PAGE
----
and gentle story even if its message is a little trite.
Rating: +1 (-4 to +4)
New York Critics: 17 positive, 4 negative, 6 mixed
MARVIN'S ROOM was originally a play produced first in Chicago and then in New York. Scott McPherson adapted his own play into a screenplay before dying of AIDS at thirty-three. He died five years ago and now Jerry Zaks has directed a film version of the play. The film version is a comedy drama that is getting some positive attention and an Academy Award nomination for Diane Keaton, though I have to say it is not my sort of film and so I may not be the best person to judge it. Lee and Bessie (played by Meryl Streep and Diane Keaton respectively) are two sisters who have been separated for two decades. Lee has gone off to find herself and has since raised two children, the disturbed Hank (Leonardo DiCaprio) and his studious younger brother Charlie (Hal Scardino) whose spare time, at least for the course of the film, seems to be taken up reading 20,000 LEAGUES UNDER THE SEA. Lee is so self-centered, colorful, and tough it is surprising the role did not go to Cher. Bessie is more a warm and loving person who has spent the year unfulfilled, taking care of her soap-opera-loving Aunt Ruth (Gwen Verdon) and her senile, long-dying father Marvin (Hume Cronyn). As Bessie tells her doctor, "My father has been dying for twenty years, slowly, so I won't miss anything." Each sister has problems as Hank burned down Lee's house and has been committed to a mental institution. Bessie has recently been diagnosed with leukemia. Bessie needs a bone marrow transplant from someone with the right kind of marrow so Lee has arranged a leave for Hank and the two of them and Charlie have driven down from Ohio to Bessie's home in Florida to test if they have the right marrow type. Hank, who never realized that he had an aunt is first alienated from Bessie, then discovers that in many ways she is a kindred spirit.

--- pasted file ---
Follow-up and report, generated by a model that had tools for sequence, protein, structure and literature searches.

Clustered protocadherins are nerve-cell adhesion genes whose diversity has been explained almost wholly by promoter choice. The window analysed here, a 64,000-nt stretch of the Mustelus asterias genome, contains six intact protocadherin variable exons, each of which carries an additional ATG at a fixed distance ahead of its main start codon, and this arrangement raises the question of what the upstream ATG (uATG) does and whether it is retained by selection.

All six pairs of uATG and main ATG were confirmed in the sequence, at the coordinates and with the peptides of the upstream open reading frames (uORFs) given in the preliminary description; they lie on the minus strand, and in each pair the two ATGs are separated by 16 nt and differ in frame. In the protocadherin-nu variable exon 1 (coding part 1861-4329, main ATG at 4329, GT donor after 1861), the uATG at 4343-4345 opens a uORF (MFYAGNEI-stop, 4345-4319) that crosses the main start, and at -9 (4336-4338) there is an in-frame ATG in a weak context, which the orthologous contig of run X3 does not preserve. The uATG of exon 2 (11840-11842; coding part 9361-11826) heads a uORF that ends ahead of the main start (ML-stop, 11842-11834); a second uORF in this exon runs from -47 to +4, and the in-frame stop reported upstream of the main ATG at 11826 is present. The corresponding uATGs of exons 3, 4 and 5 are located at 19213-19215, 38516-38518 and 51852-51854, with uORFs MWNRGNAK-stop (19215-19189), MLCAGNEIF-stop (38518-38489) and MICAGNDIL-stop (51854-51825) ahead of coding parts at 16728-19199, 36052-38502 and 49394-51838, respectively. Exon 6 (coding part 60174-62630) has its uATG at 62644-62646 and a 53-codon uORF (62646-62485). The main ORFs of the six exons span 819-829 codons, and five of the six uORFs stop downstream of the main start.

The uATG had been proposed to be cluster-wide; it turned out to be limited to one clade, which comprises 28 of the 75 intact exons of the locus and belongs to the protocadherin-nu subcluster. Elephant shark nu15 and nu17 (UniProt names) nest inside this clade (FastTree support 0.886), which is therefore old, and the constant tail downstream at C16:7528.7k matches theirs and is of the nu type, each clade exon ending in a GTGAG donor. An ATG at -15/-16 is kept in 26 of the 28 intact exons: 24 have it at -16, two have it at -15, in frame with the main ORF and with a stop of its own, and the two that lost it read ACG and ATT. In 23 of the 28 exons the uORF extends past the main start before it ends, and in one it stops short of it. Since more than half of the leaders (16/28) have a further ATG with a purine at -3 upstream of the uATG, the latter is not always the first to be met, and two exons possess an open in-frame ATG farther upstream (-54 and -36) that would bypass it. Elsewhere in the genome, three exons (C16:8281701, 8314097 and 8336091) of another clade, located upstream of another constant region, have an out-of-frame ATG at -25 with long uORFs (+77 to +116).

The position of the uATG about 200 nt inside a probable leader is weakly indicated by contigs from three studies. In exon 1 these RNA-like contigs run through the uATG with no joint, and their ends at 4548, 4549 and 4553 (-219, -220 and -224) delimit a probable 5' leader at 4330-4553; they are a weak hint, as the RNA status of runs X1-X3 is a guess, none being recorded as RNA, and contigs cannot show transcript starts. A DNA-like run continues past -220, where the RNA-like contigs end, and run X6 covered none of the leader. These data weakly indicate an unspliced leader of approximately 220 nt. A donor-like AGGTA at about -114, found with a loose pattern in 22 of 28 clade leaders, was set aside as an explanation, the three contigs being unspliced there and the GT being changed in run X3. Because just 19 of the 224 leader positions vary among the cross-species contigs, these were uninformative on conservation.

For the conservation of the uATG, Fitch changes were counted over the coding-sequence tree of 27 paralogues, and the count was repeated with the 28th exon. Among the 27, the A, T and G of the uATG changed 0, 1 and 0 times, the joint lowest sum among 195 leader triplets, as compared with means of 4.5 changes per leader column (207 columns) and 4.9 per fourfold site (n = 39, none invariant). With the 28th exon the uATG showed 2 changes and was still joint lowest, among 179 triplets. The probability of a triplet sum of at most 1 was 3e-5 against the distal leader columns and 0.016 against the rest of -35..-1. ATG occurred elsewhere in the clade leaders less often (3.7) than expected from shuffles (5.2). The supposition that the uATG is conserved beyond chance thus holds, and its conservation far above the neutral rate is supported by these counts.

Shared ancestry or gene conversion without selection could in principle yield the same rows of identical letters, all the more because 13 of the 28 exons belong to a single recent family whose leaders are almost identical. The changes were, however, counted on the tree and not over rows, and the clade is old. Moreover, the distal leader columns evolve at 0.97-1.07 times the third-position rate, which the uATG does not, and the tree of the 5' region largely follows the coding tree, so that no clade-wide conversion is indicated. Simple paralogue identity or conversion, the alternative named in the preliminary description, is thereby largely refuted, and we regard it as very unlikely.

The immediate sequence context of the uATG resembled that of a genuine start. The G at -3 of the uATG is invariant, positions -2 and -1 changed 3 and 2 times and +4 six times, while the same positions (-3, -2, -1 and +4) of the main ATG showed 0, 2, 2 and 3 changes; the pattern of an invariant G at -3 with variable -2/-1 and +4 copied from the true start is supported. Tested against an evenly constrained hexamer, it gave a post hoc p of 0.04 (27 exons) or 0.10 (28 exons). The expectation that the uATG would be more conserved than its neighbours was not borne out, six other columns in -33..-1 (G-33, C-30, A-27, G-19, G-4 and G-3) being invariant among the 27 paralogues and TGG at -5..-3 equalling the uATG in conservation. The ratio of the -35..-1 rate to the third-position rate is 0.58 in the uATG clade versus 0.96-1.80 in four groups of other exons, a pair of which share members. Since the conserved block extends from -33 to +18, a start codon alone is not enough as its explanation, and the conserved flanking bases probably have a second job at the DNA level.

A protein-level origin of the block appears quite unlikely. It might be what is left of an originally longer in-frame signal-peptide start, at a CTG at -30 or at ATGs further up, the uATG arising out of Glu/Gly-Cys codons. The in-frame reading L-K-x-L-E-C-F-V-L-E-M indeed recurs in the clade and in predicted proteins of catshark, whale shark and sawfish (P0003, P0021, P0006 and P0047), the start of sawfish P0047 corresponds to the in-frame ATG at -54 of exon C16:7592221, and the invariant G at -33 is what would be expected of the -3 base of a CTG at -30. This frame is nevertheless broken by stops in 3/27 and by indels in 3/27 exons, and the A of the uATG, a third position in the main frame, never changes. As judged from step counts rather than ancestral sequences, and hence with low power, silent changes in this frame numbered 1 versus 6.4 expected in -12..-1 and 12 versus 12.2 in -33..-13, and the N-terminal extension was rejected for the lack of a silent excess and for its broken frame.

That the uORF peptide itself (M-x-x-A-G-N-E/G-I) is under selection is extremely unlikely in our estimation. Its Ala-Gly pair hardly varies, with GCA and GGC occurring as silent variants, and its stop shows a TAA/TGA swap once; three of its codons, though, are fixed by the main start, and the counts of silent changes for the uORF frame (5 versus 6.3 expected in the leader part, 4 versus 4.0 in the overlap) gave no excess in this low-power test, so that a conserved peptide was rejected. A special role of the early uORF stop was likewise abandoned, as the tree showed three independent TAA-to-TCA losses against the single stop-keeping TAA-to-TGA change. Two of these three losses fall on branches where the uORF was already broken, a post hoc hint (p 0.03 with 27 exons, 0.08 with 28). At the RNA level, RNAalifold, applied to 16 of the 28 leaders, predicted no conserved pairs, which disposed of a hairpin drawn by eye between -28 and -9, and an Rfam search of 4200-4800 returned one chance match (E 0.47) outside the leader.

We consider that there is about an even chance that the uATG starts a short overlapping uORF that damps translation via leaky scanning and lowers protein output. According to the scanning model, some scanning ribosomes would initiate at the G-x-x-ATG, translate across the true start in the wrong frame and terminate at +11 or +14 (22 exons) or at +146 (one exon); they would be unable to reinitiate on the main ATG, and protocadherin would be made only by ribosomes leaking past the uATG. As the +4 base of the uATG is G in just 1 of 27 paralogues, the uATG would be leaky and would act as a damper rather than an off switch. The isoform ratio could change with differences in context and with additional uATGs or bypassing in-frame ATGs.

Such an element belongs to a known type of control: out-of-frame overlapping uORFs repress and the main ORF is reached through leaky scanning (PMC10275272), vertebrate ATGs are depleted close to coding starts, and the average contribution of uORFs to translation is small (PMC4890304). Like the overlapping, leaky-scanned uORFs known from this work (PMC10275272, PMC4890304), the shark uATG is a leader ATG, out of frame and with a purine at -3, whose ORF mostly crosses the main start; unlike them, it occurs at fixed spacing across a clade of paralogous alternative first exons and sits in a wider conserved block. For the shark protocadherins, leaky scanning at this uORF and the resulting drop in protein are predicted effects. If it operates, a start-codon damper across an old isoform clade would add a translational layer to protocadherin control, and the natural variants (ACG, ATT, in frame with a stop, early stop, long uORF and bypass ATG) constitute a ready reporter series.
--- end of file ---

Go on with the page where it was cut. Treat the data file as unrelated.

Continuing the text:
It is remarkable that Keaton would allow herself to take such an unglamorous role. Bessie is starting to show the signs of aging and her disease. Her teeth look bad and her hands look like those of an elderly woman. Streep is abrasive and usually at odds with her sons, particularly Hank. Robert DeNiro, who produced the film along with Scott Rudin and Jane Rosenthal, plays a role as Bessie's doctor and his role seems to be one of the most ill-considered touches of the film. He seems less than totally competent and something of a buffoon. It is surprising that Keaton would choose such a misfit to treat her for something like leukemia, placing her life in his hands, The combination of his distressing diagnosis and his comic behavior just does not seem to work in the film. The same unevenness comes later in the film as Bessie is telling a very humorous story to Lee only to have us realize that the story is one of the great tragedies of her life and is one she would be unlikely to be laughing about.
MARVIN'S ROOM is one of a spate of female bonding films we have seen of late, and not really one of the best. Like Bessie's life, the film really goes nowhere in specific, but it picks up texture along the way. It is not the kind of film I feel I can judge really well. The theme of fulfillment through service to others and forgiveness is one that could have been taken directly from the Boy Scout Handbook. Certainly what is deep and meaningful to one person will be trite to another. For me this film leaned heavily to the hackneyed, but admittedly there were those in the audience who were touched by the film's message.
For the right audience this was probably a moving film but I was not that audience and I can give it only a +1 on the -4 to +4 scale.
More info at the Internet Movie Database